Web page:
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synecdoche

[si-nek-duh-kee] /sɪˈnɛk də ki/
noun, Rhetoric
1.
a figure of speech in which a part is used for the whole or the whole for a part, the special for the general or the general for the special, as in ten sail for ten ships or a Croesus for a rich man.
Origin
1350-1400
1350-1400; < Medieval Latin < Greek synekdochḗ, equivalent to syn- syn- + ekdochḗ act of receiving from another, equivalent to ek- ec- + -dochē, noun derivative of déchesthai to receive
Related forms
synecdochic
[sin-ik-dok-ik] /ˌsɪn ɪkˈdɒk ɪk/ (Show IPA),
synecdochical, adjective
synecdochically, adverb
Can be confused
Schenectady, synecdoche.
Dictionary.com Unabridged
Based on the Random House Dictionary, © Random House, Inc. 2014.
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British Dictionary definitions for synecdochically

synecdoche

/sɪnˈɛkdəkɪ/
noun
1.
a figure of speech in which a part is substituted for a whole or a whole for a part, as in 50 head of cattle for 50 cows, or the army for a soldier
Derived Forms
synecdochic (ˌsɪnɛkˈdɒkɪk), synecdochical, adjective
synecdochically, adverb
Word Origin
C14: via Latin from Greek sunekdokhē, from syn- + ekdokhē interpretation, from dekhesthai to accept
Collins English Dictionary - Complete & Unabridged 2012 Digital Edition
© William Collins Sons & Co. Ltd. 1979, 1986 © HarperCollins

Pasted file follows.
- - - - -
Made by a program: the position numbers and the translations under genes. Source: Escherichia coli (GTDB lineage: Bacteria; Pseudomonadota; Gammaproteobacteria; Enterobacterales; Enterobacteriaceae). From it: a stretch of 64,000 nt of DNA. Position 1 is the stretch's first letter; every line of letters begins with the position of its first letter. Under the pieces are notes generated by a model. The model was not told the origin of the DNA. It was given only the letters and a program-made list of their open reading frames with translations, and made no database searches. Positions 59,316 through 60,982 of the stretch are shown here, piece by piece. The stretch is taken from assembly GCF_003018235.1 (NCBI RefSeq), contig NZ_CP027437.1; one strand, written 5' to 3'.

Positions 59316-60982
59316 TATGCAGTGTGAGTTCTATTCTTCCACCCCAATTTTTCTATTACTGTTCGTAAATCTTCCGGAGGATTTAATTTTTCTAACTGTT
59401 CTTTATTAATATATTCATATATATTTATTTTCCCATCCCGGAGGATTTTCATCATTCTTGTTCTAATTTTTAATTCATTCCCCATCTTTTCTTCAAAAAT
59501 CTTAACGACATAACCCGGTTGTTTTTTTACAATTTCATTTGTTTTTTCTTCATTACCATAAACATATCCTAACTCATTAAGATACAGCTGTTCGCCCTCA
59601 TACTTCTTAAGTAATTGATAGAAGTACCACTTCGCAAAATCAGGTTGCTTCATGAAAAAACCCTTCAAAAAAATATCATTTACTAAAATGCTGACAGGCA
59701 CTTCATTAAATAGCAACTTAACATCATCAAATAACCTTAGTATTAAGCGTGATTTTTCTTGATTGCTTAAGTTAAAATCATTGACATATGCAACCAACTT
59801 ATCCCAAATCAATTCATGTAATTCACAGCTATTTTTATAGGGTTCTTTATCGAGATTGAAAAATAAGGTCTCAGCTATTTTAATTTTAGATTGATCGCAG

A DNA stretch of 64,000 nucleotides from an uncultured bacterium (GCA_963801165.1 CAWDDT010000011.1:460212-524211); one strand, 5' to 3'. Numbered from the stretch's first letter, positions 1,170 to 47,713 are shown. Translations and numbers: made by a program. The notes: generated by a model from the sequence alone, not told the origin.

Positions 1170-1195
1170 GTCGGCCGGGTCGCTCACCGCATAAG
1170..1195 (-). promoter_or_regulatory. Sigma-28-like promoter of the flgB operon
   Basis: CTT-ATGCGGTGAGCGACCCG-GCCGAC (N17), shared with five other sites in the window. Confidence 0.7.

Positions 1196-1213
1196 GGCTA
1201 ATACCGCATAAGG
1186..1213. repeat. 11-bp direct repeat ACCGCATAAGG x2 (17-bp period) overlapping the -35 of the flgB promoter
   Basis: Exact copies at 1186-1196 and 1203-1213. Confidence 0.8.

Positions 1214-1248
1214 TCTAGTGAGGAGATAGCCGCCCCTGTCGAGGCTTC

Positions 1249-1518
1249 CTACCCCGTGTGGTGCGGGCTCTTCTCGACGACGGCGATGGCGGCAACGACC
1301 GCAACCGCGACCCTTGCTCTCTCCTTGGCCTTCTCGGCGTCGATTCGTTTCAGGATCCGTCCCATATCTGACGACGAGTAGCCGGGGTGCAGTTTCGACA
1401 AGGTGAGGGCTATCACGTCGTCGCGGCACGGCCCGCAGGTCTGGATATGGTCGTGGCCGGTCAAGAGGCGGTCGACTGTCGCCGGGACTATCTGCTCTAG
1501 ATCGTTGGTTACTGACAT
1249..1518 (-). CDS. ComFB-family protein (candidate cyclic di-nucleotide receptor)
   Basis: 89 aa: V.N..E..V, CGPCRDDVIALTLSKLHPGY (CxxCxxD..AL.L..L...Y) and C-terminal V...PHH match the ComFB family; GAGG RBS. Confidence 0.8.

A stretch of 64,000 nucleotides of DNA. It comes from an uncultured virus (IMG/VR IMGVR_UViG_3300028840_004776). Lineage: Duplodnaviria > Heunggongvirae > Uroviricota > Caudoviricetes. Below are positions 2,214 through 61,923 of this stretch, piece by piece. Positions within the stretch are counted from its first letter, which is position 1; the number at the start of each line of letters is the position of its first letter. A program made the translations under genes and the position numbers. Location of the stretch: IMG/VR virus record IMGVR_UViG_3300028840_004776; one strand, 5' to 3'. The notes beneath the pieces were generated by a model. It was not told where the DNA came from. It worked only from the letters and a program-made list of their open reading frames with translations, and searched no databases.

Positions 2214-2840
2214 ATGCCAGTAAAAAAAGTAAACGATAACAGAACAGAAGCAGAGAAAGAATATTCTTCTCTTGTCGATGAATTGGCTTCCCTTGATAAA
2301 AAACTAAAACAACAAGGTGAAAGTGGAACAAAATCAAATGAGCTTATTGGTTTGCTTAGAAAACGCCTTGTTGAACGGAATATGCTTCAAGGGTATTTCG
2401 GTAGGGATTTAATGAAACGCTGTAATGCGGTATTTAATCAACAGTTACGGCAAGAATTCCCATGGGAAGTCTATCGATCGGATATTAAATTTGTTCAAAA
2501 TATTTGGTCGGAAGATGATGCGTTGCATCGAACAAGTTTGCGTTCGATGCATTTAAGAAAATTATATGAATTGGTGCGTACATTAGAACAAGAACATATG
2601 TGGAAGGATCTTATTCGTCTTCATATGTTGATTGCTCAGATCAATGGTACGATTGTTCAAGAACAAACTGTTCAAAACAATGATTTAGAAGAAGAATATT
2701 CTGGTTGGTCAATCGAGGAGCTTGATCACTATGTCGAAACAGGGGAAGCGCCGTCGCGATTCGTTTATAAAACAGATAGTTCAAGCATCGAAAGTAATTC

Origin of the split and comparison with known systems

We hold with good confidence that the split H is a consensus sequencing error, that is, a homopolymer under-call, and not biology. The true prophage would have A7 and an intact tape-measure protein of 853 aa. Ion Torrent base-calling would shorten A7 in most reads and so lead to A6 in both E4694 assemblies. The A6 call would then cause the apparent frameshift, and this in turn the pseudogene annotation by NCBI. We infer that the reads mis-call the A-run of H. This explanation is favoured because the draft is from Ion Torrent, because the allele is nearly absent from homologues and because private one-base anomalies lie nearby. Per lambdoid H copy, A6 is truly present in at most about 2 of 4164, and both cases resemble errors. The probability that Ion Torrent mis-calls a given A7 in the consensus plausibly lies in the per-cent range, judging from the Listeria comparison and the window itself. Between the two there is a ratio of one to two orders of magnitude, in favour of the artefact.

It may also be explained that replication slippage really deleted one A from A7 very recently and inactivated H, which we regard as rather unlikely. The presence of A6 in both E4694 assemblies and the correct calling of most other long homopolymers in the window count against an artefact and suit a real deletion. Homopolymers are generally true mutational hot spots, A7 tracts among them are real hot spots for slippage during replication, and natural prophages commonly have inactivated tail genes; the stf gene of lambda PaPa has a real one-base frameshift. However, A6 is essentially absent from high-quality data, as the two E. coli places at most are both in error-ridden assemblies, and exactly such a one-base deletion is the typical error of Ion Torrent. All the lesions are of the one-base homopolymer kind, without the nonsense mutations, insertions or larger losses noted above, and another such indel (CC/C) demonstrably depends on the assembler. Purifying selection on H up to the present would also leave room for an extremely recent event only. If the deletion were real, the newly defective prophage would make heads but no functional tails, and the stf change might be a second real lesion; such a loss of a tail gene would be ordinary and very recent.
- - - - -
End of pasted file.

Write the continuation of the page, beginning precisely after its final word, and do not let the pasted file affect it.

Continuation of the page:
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Word Origin and History for synecdochically

synecdoche

n.

late 14c., "part for whole or vice versa," from Medieval Latin synodoche, from Late Latin synecdoche, from Greek synekdokhe, literally "a receiving together or jointly," from synekdekhesthai "supply a thought or word, take with something else," from syn- "with" (see syn-) + ek "out" (see ex-) + dekhesthai "to receive," related to dokein "seem good" (see decent). Figure in which an attribute or adjunct is substituted for the thing meant ("head" for "cattle," etc.).

Online Etymology Dictionary, © 2010 Douglas Harper
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Encyclopedia Article for synecdochically

synecdoche

figure of speech in which a part represents the whole, as in the expression "hired hands" for workmen or, less commonly, the whole represents a part, as in the use of the word "society" to mean high society. Closely related to metonymy-the replacement of a word by one closely related to the original-synecdoche is an important poetic device for creating vivid imagery. An example is Samuel Taylor Coleridge's line in "The Rime of the Ancient Mariner," "The western wave was all aflame," in which "wave" substitutes for "sea." See also metonymy.

Learn more about synecdoche with a free trial on Britannica.com
Encyclopedia Britannica, 2008. Encyclopedia Britannica Online.
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